The main focus for Human rights issues in the EU Summit centred around the appearance of Zimbabwean president Robert Mugabe. British PM Gordon Brown had stayed away from the conference in protest at Mugabe’s presence. After being criticised by German chancellor Angela Merkel who was backed up by the Netherlands, Denmark and Sweden, Mugabe denounced European critics of his government as being ill-informed stooges of Britain, the former colonial power in Zimbabwe. Mugabe retains the support of his fellow African leaders. In a closed session, he called his European critics "Gordon's gang of four” but otherwise kept a low profile at the conference refusing to speak to the media.

Away from human rights, there was progress on climate change, which is among the most serious threats to African stability in the next few years. The threat takes the form of floods and droughts and their effects on food security and water management. One ambitious project discussed at the summit involved establishing a "green wall" around the Sahara desert to push back desertification. That would take the form of large dams, water collection areas and tree-planting.

Immigration is another highly contentious area with the EU committed to the “blue card” plan aimed at attracting highly skilled workers to replace its own rapidly ageing work force. However that is unlikely to resolve the biggest issue between the EU and Africa: the wave of illegal immigration. Spanish PM Jose Luiz Zapatero said Europe and Africa had to work together to boost education, employment and infrastructure in Africa to stop the flow of illegal immigrants. Spain is the worst affected country with 31,000 arriving across the straits each year. Zapatero said the problem “produces citizens that are vulnerable to human trafficking, abuse and without any rights in the countries of destination." Libyan president Gaddafy said this was a problem of Europe’s making. "Either you give us back our resources or you invite us in your countries,” he said.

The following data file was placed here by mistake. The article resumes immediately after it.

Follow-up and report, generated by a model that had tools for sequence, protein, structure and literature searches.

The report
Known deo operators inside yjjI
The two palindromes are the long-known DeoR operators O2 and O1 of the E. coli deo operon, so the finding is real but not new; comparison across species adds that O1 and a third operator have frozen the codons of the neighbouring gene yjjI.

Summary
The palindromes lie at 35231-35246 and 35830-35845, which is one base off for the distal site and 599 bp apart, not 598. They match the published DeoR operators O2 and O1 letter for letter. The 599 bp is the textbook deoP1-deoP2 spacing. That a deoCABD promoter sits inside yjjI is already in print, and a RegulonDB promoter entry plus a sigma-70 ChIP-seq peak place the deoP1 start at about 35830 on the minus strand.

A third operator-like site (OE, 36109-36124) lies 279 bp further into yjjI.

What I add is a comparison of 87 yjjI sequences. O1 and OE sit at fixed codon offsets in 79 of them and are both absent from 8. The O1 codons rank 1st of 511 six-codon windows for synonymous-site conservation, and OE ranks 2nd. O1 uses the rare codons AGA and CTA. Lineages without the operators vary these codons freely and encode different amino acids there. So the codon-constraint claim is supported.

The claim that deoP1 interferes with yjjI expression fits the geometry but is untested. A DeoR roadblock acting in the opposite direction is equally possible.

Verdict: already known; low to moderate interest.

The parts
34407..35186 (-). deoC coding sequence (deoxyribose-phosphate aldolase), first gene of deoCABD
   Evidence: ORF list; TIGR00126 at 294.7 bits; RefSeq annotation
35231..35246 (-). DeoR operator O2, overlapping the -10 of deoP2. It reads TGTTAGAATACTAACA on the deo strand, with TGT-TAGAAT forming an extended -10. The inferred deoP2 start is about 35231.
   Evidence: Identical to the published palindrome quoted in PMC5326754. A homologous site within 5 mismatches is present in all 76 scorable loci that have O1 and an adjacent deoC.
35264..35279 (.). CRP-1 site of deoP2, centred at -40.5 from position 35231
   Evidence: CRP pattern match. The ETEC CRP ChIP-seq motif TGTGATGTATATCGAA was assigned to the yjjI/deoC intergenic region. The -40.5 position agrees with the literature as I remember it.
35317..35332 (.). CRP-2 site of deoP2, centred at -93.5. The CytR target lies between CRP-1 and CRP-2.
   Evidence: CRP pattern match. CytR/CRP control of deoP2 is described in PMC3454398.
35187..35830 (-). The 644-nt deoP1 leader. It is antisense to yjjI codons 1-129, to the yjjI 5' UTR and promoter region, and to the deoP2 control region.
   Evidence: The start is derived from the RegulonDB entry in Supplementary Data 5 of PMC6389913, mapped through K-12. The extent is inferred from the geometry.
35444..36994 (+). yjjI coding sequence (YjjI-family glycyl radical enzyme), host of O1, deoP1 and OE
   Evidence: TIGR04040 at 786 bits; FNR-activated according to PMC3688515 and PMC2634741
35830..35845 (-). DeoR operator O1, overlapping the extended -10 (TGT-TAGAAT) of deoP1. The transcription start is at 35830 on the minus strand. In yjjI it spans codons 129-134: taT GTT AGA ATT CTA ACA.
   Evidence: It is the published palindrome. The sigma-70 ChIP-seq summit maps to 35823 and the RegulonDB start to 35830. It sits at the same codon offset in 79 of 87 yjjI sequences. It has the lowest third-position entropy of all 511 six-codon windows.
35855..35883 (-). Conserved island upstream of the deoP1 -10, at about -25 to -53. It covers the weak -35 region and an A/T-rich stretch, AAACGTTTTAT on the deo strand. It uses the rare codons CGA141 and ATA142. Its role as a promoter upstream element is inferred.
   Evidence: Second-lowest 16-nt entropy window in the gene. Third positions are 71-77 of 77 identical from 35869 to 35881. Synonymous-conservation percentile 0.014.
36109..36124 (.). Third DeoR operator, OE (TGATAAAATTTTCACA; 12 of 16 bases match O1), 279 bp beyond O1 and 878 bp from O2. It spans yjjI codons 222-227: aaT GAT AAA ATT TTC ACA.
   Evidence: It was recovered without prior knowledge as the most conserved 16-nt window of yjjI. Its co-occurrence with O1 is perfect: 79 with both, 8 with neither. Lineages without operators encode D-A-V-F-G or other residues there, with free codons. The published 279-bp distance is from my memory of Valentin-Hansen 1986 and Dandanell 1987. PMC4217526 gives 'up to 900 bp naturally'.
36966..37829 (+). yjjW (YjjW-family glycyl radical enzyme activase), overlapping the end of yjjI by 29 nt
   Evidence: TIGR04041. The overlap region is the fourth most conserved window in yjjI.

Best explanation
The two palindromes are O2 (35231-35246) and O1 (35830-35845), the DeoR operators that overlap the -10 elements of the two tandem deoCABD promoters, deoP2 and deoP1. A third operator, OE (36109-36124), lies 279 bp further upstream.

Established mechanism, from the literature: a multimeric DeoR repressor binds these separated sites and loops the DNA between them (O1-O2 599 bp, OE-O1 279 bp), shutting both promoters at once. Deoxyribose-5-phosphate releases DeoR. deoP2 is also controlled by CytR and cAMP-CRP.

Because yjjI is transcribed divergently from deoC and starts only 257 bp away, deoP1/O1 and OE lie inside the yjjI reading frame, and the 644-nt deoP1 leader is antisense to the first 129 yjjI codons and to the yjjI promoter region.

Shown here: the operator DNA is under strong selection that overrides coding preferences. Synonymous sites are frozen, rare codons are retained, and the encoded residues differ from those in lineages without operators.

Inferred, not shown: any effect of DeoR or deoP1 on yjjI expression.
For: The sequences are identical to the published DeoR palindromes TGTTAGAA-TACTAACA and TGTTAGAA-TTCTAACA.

The conference also re-iterated the Cotonou Agreement with sub-Saharan Africa, despite the EU desire to replace it with the EPAs,. Signed in Cotonou, Benin in 2000, the agreement outlined five pillars in the fight against global poverty: an enhanced political dimension, increased participation, a more strategic approach to cooperation focusing on poverty reduction, new economic and trade partnerships and improved financial cooperation.

Despite the many disagreements, hosts Portugal was upbeat about the impact of the summit. The event was the top priority of Portugal’s six-month presidency of the EU, and they spent €10m staging the two-day event. José Sócrates, the Portuguese prime minister said optimistically the conference would help dispel colonial guilt and resentment, and would lay the foundation for a new relationship between the EU and Africa. Although Portugal’s colonial record in Mozambique and Angola was appalling, the Portuguese Prime Minister was keen to stress his country’s long-standing involvement in African affairs. “It was from Lisbon that Europe first came to know Africa,” said Sócrates. “Now in the same city the two continents are renewing their relationship.”